I become a “Tennessee Squire” in 1991 when I purchase a plot of land at the Jack Daniel Distillery. For about $25 (as I recall), I get a certificate of ownership, a title (“Squire Squathole” has a pleasant ring, innit?), an annual pictorial calendar, regular updates about the business, people, and life in Lynchburg (oddly enough a dry town).
By the way — my plot of land is about one square inch.
It’s all done tongue-in-cheek in a deliberately corny style — and look at that, two metaphors involving the taste buds in a post about a delicious alcoholic beverage!
I do love my Jack Daniel’s when summer fades into fall, the skies showing more orange and dark blue, and a frozen drink isn’t as urgent as the warm embracing whiskey glow generated from within that only Master Jack has perfected.
Last month I get a one-page letter from Fred M. Elliott, who introduces himself as “one of the fellows” at the Distillery who serves as caretaker for their vintage antique fire trucks on display, a crowd-pleasing tourist attraction. He complains that there are people around who want to generate revenue by slapping ads on the fire trucks like you see on urban busses. Fred doesn’t like this idea at all, and says it would be like putting your grandma in a gorilla suit on the street to wave in customers. But he’s interested in hearing the opinions of the Squires.
So this Squire writes him back:
Thank you for your note, and the opportunity to comment.
First off, you’re right: never deface those vehicles with advertisements or anything else. If anybody wants to pollute the premises with eyesores, propose putting ads on workers’ overalls and jackets, like Nascar drivers. That should end the discussion.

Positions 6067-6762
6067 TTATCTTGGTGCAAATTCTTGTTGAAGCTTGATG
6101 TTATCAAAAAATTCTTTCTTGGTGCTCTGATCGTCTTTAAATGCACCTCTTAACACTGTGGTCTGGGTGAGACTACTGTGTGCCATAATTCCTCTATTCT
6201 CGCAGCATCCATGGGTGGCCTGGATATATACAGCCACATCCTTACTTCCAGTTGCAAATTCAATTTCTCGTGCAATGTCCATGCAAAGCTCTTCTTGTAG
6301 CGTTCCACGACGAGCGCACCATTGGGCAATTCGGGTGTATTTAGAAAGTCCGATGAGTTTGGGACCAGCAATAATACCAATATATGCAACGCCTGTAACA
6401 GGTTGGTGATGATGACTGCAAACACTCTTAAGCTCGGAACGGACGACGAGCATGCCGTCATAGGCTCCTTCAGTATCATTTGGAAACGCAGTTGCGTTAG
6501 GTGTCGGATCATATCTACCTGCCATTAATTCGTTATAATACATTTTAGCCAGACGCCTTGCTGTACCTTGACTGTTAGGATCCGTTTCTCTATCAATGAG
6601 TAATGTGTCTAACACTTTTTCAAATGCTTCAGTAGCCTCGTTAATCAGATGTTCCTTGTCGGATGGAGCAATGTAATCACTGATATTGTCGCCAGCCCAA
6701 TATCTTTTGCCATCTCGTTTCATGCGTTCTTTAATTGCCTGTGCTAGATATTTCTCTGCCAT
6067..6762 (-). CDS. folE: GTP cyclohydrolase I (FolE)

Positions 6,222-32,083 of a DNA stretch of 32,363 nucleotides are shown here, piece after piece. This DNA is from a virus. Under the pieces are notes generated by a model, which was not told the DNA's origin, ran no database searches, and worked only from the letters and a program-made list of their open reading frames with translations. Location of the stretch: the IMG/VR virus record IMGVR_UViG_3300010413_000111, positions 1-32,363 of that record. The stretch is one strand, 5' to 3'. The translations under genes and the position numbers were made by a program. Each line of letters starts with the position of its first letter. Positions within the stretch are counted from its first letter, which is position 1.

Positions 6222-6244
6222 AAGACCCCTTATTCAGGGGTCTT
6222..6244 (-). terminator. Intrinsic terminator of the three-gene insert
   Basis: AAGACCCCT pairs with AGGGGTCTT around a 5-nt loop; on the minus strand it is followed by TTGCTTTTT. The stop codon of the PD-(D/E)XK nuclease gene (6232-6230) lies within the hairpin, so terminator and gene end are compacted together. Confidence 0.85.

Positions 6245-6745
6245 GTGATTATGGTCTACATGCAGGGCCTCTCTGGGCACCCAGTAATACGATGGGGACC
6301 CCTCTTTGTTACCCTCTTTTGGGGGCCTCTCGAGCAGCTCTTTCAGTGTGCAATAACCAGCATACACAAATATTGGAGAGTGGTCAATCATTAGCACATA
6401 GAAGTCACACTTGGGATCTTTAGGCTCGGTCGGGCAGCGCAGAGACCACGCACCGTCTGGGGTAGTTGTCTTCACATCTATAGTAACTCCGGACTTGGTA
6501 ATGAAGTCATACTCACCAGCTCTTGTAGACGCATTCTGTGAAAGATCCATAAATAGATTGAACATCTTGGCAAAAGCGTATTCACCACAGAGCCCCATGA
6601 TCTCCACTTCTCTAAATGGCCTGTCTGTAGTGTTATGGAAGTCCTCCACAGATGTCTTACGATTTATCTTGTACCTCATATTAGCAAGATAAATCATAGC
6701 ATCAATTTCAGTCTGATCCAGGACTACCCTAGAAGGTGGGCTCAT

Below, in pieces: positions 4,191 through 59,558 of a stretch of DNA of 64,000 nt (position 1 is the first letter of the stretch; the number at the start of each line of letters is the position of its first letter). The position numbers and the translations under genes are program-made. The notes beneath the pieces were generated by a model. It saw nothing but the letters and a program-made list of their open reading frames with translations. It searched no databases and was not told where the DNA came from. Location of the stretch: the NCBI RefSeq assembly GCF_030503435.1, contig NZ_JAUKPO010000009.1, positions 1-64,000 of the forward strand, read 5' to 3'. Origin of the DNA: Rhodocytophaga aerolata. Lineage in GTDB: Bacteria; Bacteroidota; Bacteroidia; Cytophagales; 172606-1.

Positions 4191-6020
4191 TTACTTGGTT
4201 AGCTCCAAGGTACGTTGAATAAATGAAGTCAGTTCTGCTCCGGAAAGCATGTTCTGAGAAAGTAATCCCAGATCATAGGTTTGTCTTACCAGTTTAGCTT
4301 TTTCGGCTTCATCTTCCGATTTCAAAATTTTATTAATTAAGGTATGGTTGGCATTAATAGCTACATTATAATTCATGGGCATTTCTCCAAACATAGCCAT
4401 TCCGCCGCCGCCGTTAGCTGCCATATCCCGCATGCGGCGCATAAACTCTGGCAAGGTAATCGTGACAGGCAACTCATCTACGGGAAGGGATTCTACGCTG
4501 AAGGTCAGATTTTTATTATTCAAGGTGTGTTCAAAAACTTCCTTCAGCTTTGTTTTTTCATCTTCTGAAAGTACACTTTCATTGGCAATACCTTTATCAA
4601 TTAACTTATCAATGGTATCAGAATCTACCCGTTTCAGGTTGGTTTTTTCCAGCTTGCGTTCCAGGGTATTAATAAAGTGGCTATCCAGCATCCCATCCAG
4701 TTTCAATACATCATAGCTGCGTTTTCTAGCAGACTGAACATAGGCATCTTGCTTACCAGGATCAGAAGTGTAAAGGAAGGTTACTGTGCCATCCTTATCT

Second, that’s a great idea about putting grandma to work, although if the senior population here in south Florida is indicative, the gorilla suit is probably redundant. There’s also real danger than some redneck ammosexual will take a shot at her, and claim Stand Your Ground protection.
Fred, I’ve only been enjoying Jack Daniel’s for a little over 40 years (and still no children!), so clearly I’m but a novice. But what I understand is that when today I take a sip or two (or on rare occasions, more), I’m tasting history, a tradition, an ancient formula, a link to a time when life was quite different from now. Jack Daniel’s sipping whisky is not just mere spirits, it’s spiritual. And whatever it takes up there in Tennessee to preserve the look, ambiance, and flavor of the Jack Daniel Distillery and property, you need to carry on, head held high. You’re on a mission from god.
If they want to compromise the integrity of your beautiful antique fire trucks, can lining the whisky barrels with creosote or KILZ be far behind?
Thanks for this opportunity to weigh in, Sir.
PS Grandma says Hello, and “Abba dabba dabba.”